Acaciella Species, Fern Acacia, Prairie Acacia, Prairie Wattle, Whiteball Acacia

Acaciella angustissima

Family: Fabaceae (fab-AY-see-ee) (Info)
Genus: Acaciella
Species: angustissima (an-gus-TIS-sih-muh) (Info)
Synonym:Acacia angustissima



Water Requirements:

Average Water Needs; Water regularly; do not overwater

Sun Exposure:

Full Sun

Sun to Partial Shade



Foliage Color:

Unknown - Tell us


36-48 in. (90-120 cm)


24-36 in. (60-90 cm)


USDA Zone 6a: to -23.3 C (-10 F)

USDA Zone 6b: to -20.5 C (-5 F)

USDA Zone 7a: to -17.7 C (0 F)

USDA Zone 7b: to -14.9 C (5 F)

USDA Zone 8a: to -12.2 C (10 F)

USDA Zone 8b: to -9.4 C (15 F)

USDA Zone 9a: to -6.6 C (20 F)

USDA Zone 9b: to -3.8 C (25 F)

USDA Zone 10a: to -1.1 C (30 F)

USDA Zone 10b: to 1.7 C (35 F)

Where to Grow:

Unknown - Tell us



Bloom Color:

White/Near White

Bloom Characteristics:

This plant is attractive to bees, butterflies and/or birds

Bloom Size:

Unknown - Tell us

Bloom Time:

Late Summer/Early Fall

Mid Fall

Other details:

Soil pH requirements:

6.1 to 6.5 (mildly acidic)

6.6 to 7.5 (neutral)

7.6 to 7.8 (mildly alkaline)

Patent Information:


Propagation Methods:

From seed; direct sow outdoors in fall

Seed Collecting:

Allow pods to dry on plant; break open to collect seeds


This plant is said to grow outdoors in the following regions:

Mesa, Arizona

Oracle, Arizona

Morrilton, Arkansas

Monticello, Florida

Denham Springs, Louisiana

Arlington, Texas

San Antonio, Texas

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Gardeners' Notes:


On Jul 2, 2021, DDruff from Mesa, AZ (Zone 9a) wrote:

Grows as a hardy bush and provides good ground-level shade in our backyard tortoise sanctuary. Our desert tortoise loves to eat the white flower balls every summer! It gets some overspray from our sprinklers for our grasses, and I hit it lightly with the hose every two weeks, and it thrives even here in the 110 degree heat of summer. It is a little messy with leaf drop and seed pods each fall and is not a show-stopper. Still, if you like a more natural, grassy, prairie appearance, this is a resilient and attractive plant. It grows quickly each summer and is reduced to bare twigs each winter. That is the time to trim it back for size and shape purposes.


On Jun 30, 2016, Garlique from (Zone 7b) wrote:

Will be growing this species soon!


On Jul 11, 2015, Lodewijkp from Zwolle,
Netherlands (Zone 7a) wrote:

planted 15 seeds and most of them germinated , it takes about 3 weeks to germinate i had 10 seeds germinating. they are slow growers at first, but when they get older and tolerate more sunlight they take off fast.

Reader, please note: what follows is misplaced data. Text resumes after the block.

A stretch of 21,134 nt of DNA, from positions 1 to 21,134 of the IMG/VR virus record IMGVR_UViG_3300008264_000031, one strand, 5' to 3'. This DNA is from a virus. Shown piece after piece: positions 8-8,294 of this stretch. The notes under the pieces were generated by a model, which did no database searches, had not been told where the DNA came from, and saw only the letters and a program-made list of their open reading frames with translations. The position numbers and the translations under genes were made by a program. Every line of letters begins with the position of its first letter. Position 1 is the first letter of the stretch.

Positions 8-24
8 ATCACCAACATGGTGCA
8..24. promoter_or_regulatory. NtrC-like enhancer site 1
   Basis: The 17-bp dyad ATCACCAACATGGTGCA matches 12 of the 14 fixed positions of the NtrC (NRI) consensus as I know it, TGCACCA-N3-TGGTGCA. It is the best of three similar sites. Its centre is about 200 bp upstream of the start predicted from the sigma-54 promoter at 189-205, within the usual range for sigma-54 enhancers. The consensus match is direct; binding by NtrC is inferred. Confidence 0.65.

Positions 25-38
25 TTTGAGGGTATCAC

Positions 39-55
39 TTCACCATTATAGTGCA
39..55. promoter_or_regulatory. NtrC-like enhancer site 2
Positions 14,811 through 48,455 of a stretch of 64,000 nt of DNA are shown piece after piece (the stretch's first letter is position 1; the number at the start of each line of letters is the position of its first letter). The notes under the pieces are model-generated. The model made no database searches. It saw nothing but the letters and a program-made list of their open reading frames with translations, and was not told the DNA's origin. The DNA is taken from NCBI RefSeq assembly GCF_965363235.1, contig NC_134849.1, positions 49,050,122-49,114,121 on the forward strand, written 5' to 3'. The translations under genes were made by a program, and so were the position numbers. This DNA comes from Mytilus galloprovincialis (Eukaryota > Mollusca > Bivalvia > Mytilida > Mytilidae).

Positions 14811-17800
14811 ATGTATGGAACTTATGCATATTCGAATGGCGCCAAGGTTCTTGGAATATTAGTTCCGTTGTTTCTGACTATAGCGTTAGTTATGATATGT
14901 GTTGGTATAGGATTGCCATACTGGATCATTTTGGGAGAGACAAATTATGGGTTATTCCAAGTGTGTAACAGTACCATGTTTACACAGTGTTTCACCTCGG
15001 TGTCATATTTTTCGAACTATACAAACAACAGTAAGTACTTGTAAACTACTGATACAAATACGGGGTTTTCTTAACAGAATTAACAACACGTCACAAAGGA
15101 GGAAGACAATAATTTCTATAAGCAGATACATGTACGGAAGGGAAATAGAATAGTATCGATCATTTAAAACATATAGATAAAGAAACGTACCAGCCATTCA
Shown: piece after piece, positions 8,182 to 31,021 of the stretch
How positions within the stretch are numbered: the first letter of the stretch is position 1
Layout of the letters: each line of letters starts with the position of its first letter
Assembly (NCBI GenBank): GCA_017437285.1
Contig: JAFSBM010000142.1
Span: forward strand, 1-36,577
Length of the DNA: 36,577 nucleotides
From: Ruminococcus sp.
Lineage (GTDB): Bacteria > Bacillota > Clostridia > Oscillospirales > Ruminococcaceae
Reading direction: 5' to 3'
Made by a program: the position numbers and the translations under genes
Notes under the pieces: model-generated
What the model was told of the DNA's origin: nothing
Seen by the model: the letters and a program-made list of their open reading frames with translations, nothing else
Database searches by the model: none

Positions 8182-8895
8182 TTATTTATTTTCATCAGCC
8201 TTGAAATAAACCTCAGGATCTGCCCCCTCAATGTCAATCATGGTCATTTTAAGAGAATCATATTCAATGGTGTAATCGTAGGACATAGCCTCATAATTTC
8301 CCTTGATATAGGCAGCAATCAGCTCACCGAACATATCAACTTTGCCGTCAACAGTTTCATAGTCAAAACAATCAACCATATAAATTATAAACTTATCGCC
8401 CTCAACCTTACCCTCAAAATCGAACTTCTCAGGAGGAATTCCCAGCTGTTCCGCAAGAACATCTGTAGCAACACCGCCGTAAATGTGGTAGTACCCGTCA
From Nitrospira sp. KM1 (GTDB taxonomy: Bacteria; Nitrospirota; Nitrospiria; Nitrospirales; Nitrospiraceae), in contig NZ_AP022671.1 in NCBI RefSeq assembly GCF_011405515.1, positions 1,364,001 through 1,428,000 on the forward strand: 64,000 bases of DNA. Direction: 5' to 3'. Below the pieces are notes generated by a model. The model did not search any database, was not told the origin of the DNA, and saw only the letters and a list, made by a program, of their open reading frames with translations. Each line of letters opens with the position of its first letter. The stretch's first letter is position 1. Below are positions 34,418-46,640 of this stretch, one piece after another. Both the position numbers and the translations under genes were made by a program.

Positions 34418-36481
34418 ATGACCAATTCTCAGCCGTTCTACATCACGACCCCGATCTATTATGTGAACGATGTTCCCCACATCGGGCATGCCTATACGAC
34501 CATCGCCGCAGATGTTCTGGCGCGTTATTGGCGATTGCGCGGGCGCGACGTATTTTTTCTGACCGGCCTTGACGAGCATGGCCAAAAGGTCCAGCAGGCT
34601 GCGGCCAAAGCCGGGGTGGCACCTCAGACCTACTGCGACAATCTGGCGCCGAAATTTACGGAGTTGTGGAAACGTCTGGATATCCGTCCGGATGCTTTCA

They seem to be good indoor plants , i had seedlings indoors for almost 3 months and i didn't noticed any mites , aphids or any other pests . like most acacia you probably can grow this one indoors as long you can provide plenty direct sunlight.

VERY VERY drought and heat tolerant .. with the temperatures hitting 35 C , 38 C for 2 days with the sun shining on the small containers all day it didn't wilt even when i didn't water it. it also seems to fix nitrogen which is nice.

when evening and night arrives or when its very cloudy ( li... read more


On Aug 31, 2013, Phellos from Port Vincent, LA wrote:

I found this plant growing in a nearby area that was for cleared for a housing project. The area was raised with clay and gravel and is mowed every other month, but has been undeveloped for nearly twenty years. There are now many unusual muhly grasses and bristlegrasses that are normally not found this far east in Louisiana, along with this prairie acacia.

I first found it growing among some partridge pea sennas. It was out of bloom and I figured it was an unusual variation of the partridge pea... until I tried to uproot it. The taproot was unbelievably deep for such a small plant. I then noticed the woody base and remnants of old seed pods. It was then that I started to wonder if it was some kind of acacia. That's when I found this information.

I later... read more


On Feb 16, 2009, wormfood from Lecanto, FL (Zone 9a) wrote:

I'm reading up on quail and this plant seed makes up most of the diet of the Masked Bobwhite. With careful reestablishment of native grasslands the endangered Bobwhites can make a comeback.


On Aug 23, 2006, frostweed from Josephine, Arlington, TX (Zone 8a) wrote:

Acacia angustissima is Native to Texas and other States.


On Feb 3, 2005, htop from San Antonio, TX (Zone 8b) wrote:

I have not grown this plant. Other common names for this deciduous, low-growing ground cover or subshrub are fern acacia, texas acacia, prairie acacia, Texas prairie acacia, whiteball acacia and prairie guajillo. It grows in full sun to partial shade and can be found on calcareous grasslands, rocky slopes and open woodlands. In Texas, it can be commonly found in the eastern two thirds of the state with it being it less common in west Texas. There are 3 identified varieties in Texas: var. hirta (A. hirta) - grows in east and central Texas; var. texensis (A. texensis) - grows in south Texas and the Trans-Pecos where it overlaps with var. chisosiana and var. chisosiana - found in S. Brewster and Presidio counties.

The fern-like foliage that folds together when touched, at nigh... read more


On Aug 31, 2004, smiln32 from Oklahoma City, OK (Zone 7a) wrote:

Shrubby Acacia to 5'. Produces short racemes of white flowers that are tinged pink or lavender. Leaves are pinnate with 1/4" leaflets. Native to the U.S. and Mexico.